I don’t have a client right now , but if I did, I’d be looking very hard at what I might do to attract angry women to the party, much as Nixon did with angry southerners in 1968.
Well, actually, I refer you to Janet Elder piece in the NYT from last year:
Neil Newhouse, a Republican pollster whose firm, Public Opinion Strategies, is working for Senator John McCain, said, ”Right now all groups are a significant challenge for Republicans.” … Most of the names on Mr. Newhouse’s list have little to do with gender, with the exception of ”Wal-Mart women.” Those are voters who ”generally have lower incomes, are less educated, tend to be conservative and have been impacted by economic difficulties,” he said.
Perhaps the McCain campaign is planning to reach out to these women? Polling indicates fertile ground. Read on.
Forty-nine percent of white women view Obama unfavorably, while only 43 percent hold a favorable opinion. In February, 36 percent of these women viewed Obama unfavorably, while 56 percent had a positive perception of the likely Democratic nominee.
Over the same period, Democratic white women’s negative view of Obama increased from 21 percent to 35 percent, while their positive view decreased from 72 percent to 60 percent — roughly the same rate as white women overall.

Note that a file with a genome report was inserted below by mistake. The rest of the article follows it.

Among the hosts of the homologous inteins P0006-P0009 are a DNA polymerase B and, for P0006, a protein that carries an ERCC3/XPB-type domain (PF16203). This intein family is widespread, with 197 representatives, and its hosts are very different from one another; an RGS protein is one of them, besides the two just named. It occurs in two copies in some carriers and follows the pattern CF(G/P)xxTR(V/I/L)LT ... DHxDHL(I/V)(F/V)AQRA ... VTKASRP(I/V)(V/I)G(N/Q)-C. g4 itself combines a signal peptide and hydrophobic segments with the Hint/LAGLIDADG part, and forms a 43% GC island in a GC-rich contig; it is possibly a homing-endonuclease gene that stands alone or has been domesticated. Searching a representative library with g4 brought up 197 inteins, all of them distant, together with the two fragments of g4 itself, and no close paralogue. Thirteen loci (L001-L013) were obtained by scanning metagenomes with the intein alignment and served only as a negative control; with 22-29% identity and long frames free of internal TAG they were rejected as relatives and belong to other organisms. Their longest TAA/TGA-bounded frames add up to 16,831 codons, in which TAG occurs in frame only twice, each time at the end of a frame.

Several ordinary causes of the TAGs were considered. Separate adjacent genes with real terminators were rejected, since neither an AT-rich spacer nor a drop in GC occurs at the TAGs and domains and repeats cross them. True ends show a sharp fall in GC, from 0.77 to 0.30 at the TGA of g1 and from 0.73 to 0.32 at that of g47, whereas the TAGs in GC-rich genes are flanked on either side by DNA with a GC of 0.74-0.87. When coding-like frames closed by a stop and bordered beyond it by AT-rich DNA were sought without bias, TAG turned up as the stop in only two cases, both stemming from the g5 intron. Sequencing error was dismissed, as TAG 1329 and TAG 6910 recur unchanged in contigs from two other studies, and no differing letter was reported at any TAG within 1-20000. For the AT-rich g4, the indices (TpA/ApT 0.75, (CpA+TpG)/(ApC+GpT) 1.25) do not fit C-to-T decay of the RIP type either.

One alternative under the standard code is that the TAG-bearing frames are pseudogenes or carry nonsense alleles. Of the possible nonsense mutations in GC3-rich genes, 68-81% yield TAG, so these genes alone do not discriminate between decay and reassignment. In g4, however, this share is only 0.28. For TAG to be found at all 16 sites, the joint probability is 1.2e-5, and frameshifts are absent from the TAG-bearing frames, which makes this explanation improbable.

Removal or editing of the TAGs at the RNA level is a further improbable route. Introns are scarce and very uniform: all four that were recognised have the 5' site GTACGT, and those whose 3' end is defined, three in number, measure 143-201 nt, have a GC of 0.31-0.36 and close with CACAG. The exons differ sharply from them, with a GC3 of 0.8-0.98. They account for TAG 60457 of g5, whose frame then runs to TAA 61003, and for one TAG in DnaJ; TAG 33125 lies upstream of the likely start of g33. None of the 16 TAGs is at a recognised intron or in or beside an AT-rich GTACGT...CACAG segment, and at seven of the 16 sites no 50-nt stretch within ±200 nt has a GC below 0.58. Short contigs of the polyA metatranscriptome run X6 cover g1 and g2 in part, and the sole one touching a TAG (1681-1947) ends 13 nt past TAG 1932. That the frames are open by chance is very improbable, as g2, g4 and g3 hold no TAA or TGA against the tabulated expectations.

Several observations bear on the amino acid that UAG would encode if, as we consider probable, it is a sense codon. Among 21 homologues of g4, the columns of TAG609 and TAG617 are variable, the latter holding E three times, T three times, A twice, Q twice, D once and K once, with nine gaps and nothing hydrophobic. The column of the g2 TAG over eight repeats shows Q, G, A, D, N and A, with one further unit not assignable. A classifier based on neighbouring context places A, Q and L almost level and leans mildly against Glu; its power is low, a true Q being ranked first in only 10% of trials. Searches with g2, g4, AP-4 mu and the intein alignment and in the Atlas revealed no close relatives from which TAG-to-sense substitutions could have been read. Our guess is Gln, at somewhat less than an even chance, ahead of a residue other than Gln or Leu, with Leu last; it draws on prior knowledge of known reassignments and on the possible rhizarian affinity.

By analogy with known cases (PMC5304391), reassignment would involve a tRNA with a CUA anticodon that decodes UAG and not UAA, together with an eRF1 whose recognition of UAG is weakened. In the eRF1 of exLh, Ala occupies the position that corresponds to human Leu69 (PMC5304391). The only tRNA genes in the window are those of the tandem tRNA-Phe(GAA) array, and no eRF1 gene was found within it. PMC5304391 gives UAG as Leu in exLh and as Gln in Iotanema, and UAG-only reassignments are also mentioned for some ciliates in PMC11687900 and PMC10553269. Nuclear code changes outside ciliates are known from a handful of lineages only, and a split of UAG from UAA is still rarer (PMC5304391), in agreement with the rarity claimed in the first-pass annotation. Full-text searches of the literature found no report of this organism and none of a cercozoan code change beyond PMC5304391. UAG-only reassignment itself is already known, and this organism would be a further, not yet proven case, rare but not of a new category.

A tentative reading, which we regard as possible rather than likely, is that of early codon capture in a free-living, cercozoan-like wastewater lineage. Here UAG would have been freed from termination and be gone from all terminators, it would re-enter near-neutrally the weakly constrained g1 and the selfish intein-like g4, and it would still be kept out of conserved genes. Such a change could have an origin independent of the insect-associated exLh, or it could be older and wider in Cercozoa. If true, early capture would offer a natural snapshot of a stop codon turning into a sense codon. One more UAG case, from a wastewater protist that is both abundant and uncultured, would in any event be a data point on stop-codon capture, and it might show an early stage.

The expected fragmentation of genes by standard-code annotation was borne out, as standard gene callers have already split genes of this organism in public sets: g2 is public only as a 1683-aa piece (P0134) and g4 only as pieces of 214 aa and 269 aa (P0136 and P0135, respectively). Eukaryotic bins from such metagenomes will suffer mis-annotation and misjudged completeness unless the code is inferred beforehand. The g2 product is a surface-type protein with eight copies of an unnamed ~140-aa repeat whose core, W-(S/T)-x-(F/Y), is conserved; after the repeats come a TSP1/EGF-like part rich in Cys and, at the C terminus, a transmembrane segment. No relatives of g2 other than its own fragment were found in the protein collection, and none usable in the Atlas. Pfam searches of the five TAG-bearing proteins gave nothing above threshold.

The author of the Politico piece, one David Paul Kuhn, has written a very interesting book about the gender gap being a structural problem for the Democratic Party. The book is titled The Neglected Voter: White Men and the Democratic Dilemma.
Now, the general pushback from Democrats is that DNC and/or 527s, PACs, etc. will go up with ads saying that John McCain is pro-life. I suspect that this may resonate and bring some of the upscale Democrats back to Obama. I am not convinced that it will move downscale Democrats at all.
One of the most important things that the McCain campaign could do is wrap himself in high-level female surrogates like … Carli Fiorina. Now is the time to strike with high-profile coalition events or something similar.